Also if you're talking about the Norwegian church burnings, they were performed by black metal musicians who more likely than not adhered to near-paganist beliefs, and who had more sympathy with their Norse/Viking/Scandinavian ancestry than with the Christian construct of "satan".

I certainly hope you're not lumping atheists in with Satanists. I've never heard an atheist advocate burning a church. I've never heard an atheist say destroying an object or place of worship was "fine" (strangely, idol burning was and is quite popular - can anyone say Bamiyan Buddha?)

Lastly, a Muslim may be dogmatic, an asshole or both, and an atheist may be dogmatic (highly unlikely - the whole concept of atheism denounces dogmatism), an asshole or both. And I'd point out the fact to both of them equally. Not quite sure what you're trying to say here.

Banning religion has never been on any atheist's agenda. Sure, I'd like to see it replaced by scientific enquiry and rational thought, but I would never impose my views on anyone, and certainly not construct a legal code and system of morals around it.

You've got so many strawmen there you want to be careful when putting out your cigarette.

Quote:
I'm fully aware religions of the world have tons of problems and need to be called out on them, but I just wish it didn't result in "Yeah, fuck religion in the ass!" redundancy.

[/rant]

Sorry about that, carry on.


Equating atheism (or at least anti-religionism) with puerile name calling is just wrong man. I hope I haven't concluded by saying "fuck religion in the ass". That's beneath me. Calling religion on its flaws, shortcomings and even lies is to me sensible and laudable. After all, religion had it good for more than a few millennia, time for its comeuppance I reckon.

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alexanderthegreat
Metal Barbarian Dinosaur

Joined: Wed Apr 09, 2003 5:34 pm
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Location: United Kingdom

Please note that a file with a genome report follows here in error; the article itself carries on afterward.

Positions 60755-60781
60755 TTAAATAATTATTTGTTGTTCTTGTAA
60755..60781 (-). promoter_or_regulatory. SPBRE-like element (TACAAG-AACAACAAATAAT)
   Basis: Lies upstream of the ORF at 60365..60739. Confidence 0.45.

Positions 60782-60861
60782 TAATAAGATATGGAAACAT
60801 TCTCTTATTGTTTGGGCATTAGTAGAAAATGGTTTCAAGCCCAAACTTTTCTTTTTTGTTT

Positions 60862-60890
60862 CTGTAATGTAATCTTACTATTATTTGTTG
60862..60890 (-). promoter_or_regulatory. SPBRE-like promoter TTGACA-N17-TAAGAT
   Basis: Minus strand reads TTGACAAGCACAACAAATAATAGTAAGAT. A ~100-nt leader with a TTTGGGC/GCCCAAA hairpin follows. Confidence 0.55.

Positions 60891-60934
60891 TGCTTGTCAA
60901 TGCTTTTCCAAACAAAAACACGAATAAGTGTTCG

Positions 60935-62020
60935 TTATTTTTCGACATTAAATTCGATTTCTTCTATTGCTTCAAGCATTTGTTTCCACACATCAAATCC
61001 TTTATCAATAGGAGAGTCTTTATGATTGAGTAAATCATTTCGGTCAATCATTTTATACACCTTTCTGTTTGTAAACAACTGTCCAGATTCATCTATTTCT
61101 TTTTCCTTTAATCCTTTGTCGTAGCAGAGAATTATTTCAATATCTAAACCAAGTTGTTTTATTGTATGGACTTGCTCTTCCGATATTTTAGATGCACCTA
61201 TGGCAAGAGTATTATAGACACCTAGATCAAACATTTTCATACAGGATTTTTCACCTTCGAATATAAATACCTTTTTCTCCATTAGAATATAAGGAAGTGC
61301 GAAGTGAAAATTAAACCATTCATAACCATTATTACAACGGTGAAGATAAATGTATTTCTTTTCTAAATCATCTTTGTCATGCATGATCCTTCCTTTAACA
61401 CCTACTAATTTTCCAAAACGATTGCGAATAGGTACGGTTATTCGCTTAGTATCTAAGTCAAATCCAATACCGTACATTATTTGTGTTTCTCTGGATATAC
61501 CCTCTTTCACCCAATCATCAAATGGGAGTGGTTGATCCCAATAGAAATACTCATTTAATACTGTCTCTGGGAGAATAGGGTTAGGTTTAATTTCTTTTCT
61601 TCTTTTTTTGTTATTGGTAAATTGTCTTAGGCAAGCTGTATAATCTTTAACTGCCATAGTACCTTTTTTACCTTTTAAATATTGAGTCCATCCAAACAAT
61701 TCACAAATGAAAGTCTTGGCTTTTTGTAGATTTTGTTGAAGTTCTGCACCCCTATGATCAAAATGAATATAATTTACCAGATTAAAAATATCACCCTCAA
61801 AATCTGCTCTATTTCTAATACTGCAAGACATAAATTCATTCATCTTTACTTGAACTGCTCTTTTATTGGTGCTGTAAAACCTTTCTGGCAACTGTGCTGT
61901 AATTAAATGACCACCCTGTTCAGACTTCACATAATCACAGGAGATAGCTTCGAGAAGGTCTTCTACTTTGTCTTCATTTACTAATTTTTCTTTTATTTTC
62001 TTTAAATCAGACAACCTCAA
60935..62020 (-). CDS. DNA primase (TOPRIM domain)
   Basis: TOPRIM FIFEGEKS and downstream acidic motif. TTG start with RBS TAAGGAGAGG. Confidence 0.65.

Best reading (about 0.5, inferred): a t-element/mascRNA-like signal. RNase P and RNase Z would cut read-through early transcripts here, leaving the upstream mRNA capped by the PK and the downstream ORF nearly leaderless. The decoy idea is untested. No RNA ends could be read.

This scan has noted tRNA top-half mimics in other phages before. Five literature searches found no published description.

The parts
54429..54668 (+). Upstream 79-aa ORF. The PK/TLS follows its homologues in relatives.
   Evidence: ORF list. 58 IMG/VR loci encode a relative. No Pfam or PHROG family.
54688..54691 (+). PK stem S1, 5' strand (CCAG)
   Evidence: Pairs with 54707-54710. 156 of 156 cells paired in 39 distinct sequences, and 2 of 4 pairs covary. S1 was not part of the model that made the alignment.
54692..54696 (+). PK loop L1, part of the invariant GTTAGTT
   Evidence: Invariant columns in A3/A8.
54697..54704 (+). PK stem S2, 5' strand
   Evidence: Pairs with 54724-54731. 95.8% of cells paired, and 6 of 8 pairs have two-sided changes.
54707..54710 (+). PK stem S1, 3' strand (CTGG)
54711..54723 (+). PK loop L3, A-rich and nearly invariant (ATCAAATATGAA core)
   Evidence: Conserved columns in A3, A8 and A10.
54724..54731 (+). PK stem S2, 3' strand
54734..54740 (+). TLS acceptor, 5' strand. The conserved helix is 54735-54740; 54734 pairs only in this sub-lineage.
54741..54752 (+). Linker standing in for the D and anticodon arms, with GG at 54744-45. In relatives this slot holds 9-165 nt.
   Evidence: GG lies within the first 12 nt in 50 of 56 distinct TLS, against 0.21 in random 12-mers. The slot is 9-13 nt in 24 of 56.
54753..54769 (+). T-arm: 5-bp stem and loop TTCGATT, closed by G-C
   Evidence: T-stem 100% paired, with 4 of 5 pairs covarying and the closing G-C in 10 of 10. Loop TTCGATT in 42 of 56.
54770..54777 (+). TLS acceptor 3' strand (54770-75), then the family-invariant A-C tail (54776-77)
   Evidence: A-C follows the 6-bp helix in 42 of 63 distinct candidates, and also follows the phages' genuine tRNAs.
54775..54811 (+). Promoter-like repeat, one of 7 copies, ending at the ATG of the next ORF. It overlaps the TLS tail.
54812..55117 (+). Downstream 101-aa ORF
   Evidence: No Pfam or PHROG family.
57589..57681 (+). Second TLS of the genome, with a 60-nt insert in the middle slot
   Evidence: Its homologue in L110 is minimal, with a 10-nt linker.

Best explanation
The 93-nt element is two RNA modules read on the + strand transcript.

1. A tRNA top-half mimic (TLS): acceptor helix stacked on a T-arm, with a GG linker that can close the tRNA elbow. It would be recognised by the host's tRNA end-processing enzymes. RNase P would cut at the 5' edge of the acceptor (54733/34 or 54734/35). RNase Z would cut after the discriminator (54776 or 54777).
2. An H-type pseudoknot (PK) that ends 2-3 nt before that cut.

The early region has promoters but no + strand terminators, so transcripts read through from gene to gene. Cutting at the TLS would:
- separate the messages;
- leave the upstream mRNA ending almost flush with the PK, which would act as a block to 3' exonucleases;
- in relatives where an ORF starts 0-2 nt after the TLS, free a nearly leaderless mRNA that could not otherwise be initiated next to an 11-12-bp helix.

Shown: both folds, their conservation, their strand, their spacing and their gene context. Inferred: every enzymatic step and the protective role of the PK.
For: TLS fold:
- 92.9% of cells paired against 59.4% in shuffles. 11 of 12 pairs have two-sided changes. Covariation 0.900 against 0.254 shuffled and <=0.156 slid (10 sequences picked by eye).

PostPosted: Wed Apr 02, 2008 6:14 pm 
 

incarcerated_demon wrote:
Does that mean we're sufficiently advanced now to give up the idea of religion? I'm not criticising your point, just asking. If you equate or at least correlate progress with religion, surely advances in science have replaced at least the mystical function of religion in some way.


They have for many people, but like scientific theories there are always some who simply disagree with the evidence that's been provided. Paradigm shifts always have people who cling to the old ways.

Quote:
I completely agree with some of the good things religion have done. The magnificence of the Sistine Chapel for example. Religion has undoubtedly enriched the fabric of world human society immeasurably - art, literature, etc. However, when it starts expounding supernatural beliefs as truth, and telling people to live their lives according to these revealed truths, that's when I have a problem with religion.


People should really be intelligent enough to make their own minds up. Western society takes pride in freedom and choice, which even the most dogmatic Christian will at least have been exposed to. Anyone who would choose not to follow Christianity would move away from it when they realized it wasn't for them: it's just unfortunate that parents and family members have so much strife over the issue. Raiding children as Christians is complicated and I don't really know one way or the other whether kids should be raised in a religion at all, but whatever creates the most stable home environment should take precedence.

Quote:
Also, equating religion with morality is a path fraught with pitfalls - I don't think you want to take that route.


I think the idea of Christianity in most Christian's consciousness is largely different from a close reading of the scripture.

Quote:
Lastly, there are plenty of non-religious organisations that do good as well, charity is not the exclusive province of the religious.


I wasn't saying that it was. Indeed, a lot of charities that seem religious on paper are secular in practice.

Quote:
You've got so many strawmen there you want to be careful when putting out your cigarette.